BDS supporters generalize about their target. Ben Gurion University is run by a sympathizer for BDS, yet his institution is the target of the boycott. Bar Ilan University is generally not a friend to leftist causes. Its most famous student was the assassin who killed our prime minister at a peace rally in Tel Aviv, which was followed by the university putting his face on the cover of their annual report. The difference between me and those who believe in BDS is that I believe in my cause and my ability to change things for the better without resulting to force. I believe in honest, open intelligent discourse and the capacity of my fellow human beings to pursue the just and merciful path.

My friend Ed asked me to come hear a Palestinian author speak about his book on BDS. I was a bit nervous about the stigma that the community would try to put on me for going, but, instructed by my Jewish values, I went. The Talmud tells us why we normally follow in Hillel’s ways when Shammai’s were also “the words of a living God.” The Bat Kol, the heavenly voice said that we follow Hillel because of his modesty and because he represents the other sides argument before his own. I needed to hear the BDS argument from the Palestinian writer and from Cecilie Surasky of Jewish Voice for Peace before I could continue to contend that BDS is ultimately not a good method for achieving a lasting peace.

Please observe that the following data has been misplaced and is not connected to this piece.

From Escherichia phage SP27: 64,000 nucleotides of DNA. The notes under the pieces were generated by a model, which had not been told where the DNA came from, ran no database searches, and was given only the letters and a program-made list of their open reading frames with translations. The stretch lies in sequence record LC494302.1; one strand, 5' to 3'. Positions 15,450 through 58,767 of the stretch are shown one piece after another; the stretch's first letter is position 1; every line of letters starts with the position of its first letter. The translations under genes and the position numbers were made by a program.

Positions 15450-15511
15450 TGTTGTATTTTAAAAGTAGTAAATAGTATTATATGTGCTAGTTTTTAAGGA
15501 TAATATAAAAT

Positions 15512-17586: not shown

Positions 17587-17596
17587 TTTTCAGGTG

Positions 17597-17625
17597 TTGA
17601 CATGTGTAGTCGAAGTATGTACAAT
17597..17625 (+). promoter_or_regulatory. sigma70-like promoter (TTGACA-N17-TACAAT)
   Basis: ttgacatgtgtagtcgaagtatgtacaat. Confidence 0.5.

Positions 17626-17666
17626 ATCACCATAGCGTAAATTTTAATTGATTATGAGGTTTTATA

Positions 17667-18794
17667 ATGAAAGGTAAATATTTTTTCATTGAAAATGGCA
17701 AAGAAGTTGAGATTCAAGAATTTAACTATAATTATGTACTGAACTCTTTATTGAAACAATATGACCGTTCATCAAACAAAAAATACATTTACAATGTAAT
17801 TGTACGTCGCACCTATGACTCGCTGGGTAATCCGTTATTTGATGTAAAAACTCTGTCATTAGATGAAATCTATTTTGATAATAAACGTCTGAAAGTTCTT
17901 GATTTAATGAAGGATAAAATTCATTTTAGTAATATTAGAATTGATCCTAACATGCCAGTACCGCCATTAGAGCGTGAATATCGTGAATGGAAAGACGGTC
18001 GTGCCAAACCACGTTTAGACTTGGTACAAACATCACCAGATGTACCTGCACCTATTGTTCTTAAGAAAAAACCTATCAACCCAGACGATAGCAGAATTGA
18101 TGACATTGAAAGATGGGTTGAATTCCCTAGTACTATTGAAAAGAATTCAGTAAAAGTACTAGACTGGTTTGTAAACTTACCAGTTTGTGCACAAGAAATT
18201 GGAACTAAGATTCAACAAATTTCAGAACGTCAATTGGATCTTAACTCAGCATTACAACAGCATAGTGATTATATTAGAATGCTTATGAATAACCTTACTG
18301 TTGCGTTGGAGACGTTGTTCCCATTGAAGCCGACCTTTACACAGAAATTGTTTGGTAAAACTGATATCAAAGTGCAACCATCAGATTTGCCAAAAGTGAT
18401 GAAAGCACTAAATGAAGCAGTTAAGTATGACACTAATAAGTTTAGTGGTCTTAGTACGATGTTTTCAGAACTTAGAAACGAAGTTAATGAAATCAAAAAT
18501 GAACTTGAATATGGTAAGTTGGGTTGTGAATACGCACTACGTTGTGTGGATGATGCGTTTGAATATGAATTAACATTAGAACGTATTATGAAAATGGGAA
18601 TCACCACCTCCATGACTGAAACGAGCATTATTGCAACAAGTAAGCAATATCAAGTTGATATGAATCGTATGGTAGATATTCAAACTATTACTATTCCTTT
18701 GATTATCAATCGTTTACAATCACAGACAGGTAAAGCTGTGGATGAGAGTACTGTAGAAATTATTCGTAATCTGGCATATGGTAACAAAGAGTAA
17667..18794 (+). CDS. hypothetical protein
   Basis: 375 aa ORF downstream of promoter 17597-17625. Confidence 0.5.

The day before the lunch, I reflected on my participation in the divestment movement in South Africa. Clearly, black South Africans were calling for support of the boycott. The main difference was that my support had no ethical stakes in the matter. The Israeli philosopher, Avishai Margalit, defines the difference between ethics and morals by the type of engagement. He says that ethics are guided by thick relations while morals are guided by thin relations. Whatever happened in South Africa was going to stay in South Africa. My relationship to Apartheid was thin, which made it a moral issue for me. This is like Martin Luther King’s claim in the Letter for the Alabama Jail that “Injustice anywhere is a threat to justice everywhere.” But my relationship to the Palestinian-Israeli conflict is thick. We need ethics to guide the interaction between our two nations. Ethics is an internal discussion between the parties to the conflict and within the individual parties. BDS is an appeal to go outside to accomplish change. Sometimes it is necessary, but not until all efforts to come to internal agreement have been exhausted. This is why I remain in Peace Now, a movement that aggressively tries to facilitate internal Israeli and Jewish discussion by researching and exposing violations of standards we set for ourselves.